Stuff Mom Never Told You: Disabled Sexuality

The podcast, Stuff Mom Never Told You, is one of the most comprehensive podcasts on intersectional feminist and gender/sexuality studies available. In the episode entitled, Disabled Sexuality, hosts Cristen and Caroline explore the varied difficulties and barriers which people who have disabilities face in expressing or being sexual. The concept does not seem very hard to comprehend: people with disabilities are just like everyone else who has sexual desires, but their ability to express those desires often encounters distinct challenges, whether stemming from their physical disabilities themselves, or from sociopolitical opposition.

A common problem faced by many in the disabled community is the de-sexualization of persons with disabilities. Stemming from hegemonic ableist concepts, the loss of perceived sexuality for people who have disabilities is connected to other ideas, like the perceived loss of masculinity or femininity, or a general paternalistic tendency directed at those with disabilities. As disability researcher, Shanaaz Majiet notes, “the portrayal of disabled women – be it in literature or people’s prejudices – often depicts ‘the passive’, subjugated woman who is submissive and asexual” (77). These tendencies reveal larger sociopolitical forces which work to repress disabled sexuality specifically. The common conception of people with disabilities as being either impotent, perverse, or otherwise sexually deviant, because of their disability, is problematic to say the least.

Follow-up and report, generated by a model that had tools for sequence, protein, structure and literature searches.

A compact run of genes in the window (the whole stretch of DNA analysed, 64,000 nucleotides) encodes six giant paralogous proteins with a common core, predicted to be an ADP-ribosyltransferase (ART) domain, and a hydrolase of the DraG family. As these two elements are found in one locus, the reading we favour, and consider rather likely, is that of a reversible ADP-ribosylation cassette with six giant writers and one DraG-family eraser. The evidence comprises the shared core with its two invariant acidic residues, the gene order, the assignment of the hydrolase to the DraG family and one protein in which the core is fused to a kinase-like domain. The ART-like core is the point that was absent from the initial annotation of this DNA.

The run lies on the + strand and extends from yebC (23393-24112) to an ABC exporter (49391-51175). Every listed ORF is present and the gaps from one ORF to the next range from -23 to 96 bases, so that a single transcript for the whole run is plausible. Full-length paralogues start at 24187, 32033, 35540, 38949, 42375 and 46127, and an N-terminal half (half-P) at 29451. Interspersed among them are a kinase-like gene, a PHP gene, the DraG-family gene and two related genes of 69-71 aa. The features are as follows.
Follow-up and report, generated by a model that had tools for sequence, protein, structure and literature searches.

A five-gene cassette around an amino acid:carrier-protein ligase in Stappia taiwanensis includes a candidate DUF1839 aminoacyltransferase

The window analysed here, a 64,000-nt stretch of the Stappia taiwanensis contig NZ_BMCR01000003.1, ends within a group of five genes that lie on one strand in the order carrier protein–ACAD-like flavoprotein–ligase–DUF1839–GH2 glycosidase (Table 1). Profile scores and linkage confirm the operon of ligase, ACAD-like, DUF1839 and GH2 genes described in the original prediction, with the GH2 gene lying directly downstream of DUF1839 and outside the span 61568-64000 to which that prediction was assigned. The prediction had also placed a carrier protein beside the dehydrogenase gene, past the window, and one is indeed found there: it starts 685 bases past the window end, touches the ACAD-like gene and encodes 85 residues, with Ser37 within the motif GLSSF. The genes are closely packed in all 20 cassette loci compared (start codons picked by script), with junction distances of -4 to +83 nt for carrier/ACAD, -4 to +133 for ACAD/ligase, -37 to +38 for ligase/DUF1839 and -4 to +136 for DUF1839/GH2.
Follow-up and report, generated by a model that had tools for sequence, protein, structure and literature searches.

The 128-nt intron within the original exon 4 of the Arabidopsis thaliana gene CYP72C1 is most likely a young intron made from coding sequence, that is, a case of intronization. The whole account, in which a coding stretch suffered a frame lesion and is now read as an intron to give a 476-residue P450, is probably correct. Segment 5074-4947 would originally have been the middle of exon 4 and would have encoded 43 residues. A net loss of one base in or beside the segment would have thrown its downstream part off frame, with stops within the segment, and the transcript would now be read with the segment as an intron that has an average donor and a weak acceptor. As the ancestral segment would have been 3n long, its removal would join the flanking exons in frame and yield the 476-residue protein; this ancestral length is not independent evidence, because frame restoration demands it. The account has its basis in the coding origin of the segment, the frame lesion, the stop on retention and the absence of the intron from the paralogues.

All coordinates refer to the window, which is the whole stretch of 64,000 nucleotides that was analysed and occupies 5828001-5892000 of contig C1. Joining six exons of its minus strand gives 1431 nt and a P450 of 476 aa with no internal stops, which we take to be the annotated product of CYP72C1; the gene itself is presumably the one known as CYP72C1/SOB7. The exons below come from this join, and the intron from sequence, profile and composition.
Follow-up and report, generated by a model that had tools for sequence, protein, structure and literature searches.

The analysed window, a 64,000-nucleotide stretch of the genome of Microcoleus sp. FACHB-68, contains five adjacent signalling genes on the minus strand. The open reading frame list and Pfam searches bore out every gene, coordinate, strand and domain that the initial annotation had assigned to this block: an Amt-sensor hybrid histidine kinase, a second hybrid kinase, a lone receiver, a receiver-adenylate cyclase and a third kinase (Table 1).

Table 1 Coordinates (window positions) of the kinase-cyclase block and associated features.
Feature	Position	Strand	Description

The social erasure of disability and the general desire by many to make disability less visible, and to all but eliminate disabled sexuality, play crucial points in the history of disability and sexuality. The othering of people with disabilities lends to perception of them being innately asexual and, potentially, unattractive. In order to combat the problems associated with othering and the de-sexualiztion of people with disabilities, there must be an effort to normalize and destigmatize disability and sexuality, and, especially the intersection of the two.

 

Shanaaz Majiet. “Sexuality and Disability.” Agenda: Empowering Women for Gender Equity, no. 28, 1996, pp. 77–80., http://www.jstor.org/stable/4065761.

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